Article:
The Rating Game - Spear's Magazine

The Rating Game

In nature, ravaging fires or storms ultimately have a salutary effect on the whole eco-system. It enables the clear-out of overgrown flora and the destruction of unhealthy plants or animals and parasites. This in turn allows for new life to grow stronger, healthier, in a cleansed environment promoting evolution. In the financial world, it seems, things are quite different. Whilst a survival of the fittest is still the overriding trend, politics, connections and critical mass, even if parasitical and flawed, enable the less fit to live on.

A perfect example of this is rating agencies. Whilst banks exist mostly to make money out of other people’s money, their conflicts of interest are obvious for all to see and ultimately their management and shareholders tend to fall on their swollen profit-making sword when they get it wrong.

Rating agencies on the other hand present themselves as the Federal Drugs Agencies for the financial world, ennobling themselves with the vital role of ensuring that the paper-drugs peddled by the banks to all their customers are as described (in broad terms), and most of all, that the consumers should feel totally safe in their consumption. As long as the user abides by the ‘rating’ scale and only consumes what is thereby appropriate, the intended results will be achieved with no known side effects.

The problem is that nobody is really responsible for these rating agencies. Moody’s, Fitch and Standard & Poor’s are pretty much it when it comes to the ratings world, and enjoy a so-called oligopoly, which is as bad as it sounds. They are loosely regulated and supervised and have relied principally on a self-imposed ‘code of conduct’ for guidance only since 2004, following the Enron debacle. Their legitimacy is pretty much self-created, a little bit like a Nigerian investment scheme. The more financial drugs they ‘rate’ from the best paper-drug makers (banks), the more legitimacy they get. And so it is in their interest to be on best terms with the banks. And the more legitimacy they get, the more money they can get paid for ‘rating’ the paper-drugs.

Banks and other corporations ask them to be rated, in the knowledge that the higher the rating, the easier and cheaper it will be to borrow money from innocent bystanders. And so teams descend into the offices of the ratee and, using complicated analytical tools developed over the years at the expense of previous clients, they come up with a rating. They insist on paying themselves for every last coffee they are offered while rating the company to ensure there can be no perception of undue influence.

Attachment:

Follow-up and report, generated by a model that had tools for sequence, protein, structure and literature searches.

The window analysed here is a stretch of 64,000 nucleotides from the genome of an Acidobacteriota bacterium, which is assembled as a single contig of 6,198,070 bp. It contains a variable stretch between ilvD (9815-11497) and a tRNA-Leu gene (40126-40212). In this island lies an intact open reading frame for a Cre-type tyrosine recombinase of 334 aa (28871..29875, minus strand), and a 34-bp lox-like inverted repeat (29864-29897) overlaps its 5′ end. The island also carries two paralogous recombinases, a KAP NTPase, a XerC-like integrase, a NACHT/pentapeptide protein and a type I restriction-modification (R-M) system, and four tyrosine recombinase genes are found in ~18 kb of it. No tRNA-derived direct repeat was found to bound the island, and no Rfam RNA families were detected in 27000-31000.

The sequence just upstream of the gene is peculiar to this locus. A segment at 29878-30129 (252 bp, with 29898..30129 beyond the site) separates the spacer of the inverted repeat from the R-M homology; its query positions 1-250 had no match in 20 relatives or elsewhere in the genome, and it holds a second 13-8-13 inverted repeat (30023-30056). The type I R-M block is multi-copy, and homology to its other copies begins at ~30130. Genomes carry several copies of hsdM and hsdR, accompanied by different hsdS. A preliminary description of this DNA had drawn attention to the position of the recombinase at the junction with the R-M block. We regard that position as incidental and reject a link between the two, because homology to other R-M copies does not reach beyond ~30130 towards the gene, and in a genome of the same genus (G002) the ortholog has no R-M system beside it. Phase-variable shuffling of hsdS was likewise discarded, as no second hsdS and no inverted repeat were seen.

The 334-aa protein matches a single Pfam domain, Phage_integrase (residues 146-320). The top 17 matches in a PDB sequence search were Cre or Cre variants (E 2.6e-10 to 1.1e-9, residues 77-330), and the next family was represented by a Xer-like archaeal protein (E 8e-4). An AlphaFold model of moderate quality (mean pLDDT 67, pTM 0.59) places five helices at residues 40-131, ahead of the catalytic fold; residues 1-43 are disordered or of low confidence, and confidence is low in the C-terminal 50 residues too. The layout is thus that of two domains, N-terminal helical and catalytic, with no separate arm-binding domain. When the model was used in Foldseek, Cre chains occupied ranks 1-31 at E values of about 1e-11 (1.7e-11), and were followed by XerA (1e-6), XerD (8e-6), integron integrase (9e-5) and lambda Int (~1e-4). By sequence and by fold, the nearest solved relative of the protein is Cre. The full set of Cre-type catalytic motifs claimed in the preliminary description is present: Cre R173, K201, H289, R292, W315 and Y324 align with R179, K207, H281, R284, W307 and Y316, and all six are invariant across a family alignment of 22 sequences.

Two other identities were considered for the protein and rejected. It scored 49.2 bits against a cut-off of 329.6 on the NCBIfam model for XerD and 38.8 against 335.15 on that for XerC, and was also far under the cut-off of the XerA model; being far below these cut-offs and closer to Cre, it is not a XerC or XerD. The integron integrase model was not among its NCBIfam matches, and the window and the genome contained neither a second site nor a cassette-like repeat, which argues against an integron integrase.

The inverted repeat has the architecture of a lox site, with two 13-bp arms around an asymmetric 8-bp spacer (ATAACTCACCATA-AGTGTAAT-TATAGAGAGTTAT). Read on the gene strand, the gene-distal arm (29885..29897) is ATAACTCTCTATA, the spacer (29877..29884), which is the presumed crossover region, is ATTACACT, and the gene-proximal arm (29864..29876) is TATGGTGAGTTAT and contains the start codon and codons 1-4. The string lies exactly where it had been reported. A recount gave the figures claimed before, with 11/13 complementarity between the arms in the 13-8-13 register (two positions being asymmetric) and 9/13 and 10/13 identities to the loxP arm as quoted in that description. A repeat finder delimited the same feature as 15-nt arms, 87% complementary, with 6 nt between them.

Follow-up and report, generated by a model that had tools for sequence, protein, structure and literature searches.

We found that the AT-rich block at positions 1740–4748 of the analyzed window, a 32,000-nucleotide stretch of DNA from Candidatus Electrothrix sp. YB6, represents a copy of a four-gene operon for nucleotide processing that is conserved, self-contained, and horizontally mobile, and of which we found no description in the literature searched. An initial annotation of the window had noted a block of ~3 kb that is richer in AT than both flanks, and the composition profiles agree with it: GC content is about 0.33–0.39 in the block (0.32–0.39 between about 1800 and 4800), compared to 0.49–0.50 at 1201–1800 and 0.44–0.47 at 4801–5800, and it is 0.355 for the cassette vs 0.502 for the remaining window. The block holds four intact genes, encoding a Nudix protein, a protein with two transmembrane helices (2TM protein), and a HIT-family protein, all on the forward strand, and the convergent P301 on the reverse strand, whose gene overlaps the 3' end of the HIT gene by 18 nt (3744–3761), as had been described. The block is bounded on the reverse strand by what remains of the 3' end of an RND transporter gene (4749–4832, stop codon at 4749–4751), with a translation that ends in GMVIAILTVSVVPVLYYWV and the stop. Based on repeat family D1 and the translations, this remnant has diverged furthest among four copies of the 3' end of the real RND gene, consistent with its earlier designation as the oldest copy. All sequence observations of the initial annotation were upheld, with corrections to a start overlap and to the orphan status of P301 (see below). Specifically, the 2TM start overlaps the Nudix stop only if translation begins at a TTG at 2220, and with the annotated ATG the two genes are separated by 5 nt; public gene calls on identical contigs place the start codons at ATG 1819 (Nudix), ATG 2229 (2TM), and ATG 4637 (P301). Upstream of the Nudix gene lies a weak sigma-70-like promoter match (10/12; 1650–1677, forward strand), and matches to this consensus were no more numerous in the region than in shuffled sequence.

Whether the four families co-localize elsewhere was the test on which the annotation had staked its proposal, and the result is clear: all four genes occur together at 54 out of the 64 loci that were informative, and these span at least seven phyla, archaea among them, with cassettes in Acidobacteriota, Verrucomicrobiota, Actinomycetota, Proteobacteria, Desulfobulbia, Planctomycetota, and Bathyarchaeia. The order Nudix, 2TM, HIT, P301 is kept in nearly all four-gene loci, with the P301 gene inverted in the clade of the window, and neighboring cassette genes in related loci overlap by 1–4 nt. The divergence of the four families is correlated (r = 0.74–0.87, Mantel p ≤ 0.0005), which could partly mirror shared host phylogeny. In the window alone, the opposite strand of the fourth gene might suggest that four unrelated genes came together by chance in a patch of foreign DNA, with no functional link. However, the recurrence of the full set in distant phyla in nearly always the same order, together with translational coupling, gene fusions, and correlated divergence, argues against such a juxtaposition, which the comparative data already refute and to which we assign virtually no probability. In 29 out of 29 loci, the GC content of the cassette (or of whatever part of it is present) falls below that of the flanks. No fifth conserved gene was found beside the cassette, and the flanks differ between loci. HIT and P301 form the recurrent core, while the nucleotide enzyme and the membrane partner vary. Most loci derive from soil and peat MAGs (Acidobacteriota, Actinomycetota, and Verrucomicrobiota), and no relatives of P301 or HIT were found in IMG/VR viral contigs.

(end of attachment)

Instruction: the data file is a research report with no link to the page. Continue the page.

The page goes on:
But forgetting that they do so with the money paid by the companies, they are rating at profit margins in excess of 50 per cent, according to some. Money which in turn they get from the consumers that buy the paper-drugs, which they only buy because the financial rating agencies assured them they were good for them and safe. And the more complicated the company, the more money they get paid, and the better rating they give, so the more the client can afford to pay. Somebody even spotted a possibly fortuitous link whereby the more complicated the product to rate, the higher the rating. This must be fortuitous.

The worst part is that the rating agencies ultimately bear little or no blame, suffer no meaningful financial or reputational trauma from getting it totally wrong and mis-labelling or mis-rating the paper-drugs, or failing to anticipate any of the violent side-effects of those incompetent ratings. Not only that, but once faced with dying patients around the globe, they just re-label the paper-drugs and carry on as before, pleased in the knowledge they have now ‘fixed’ their errors.

Owing to their oligopoly, the three main ratings incumbents suffer no meaningful consequences, as there is no-one else to fill the gap, the barriers to entry being just too high. Sadly, it is a very unnatural outcome to what should have been a chance for a new beginning in the ratings eco-system – a new beginning whereby perhaps the buyers of the products should pay for the rating work, rather than the seller. But therein lies the rub, we consumers are just too stingy to want to pay enough in the short term and end up paying much more in the long term. And the ratings boys can still laugh all the way to their badly rated bank.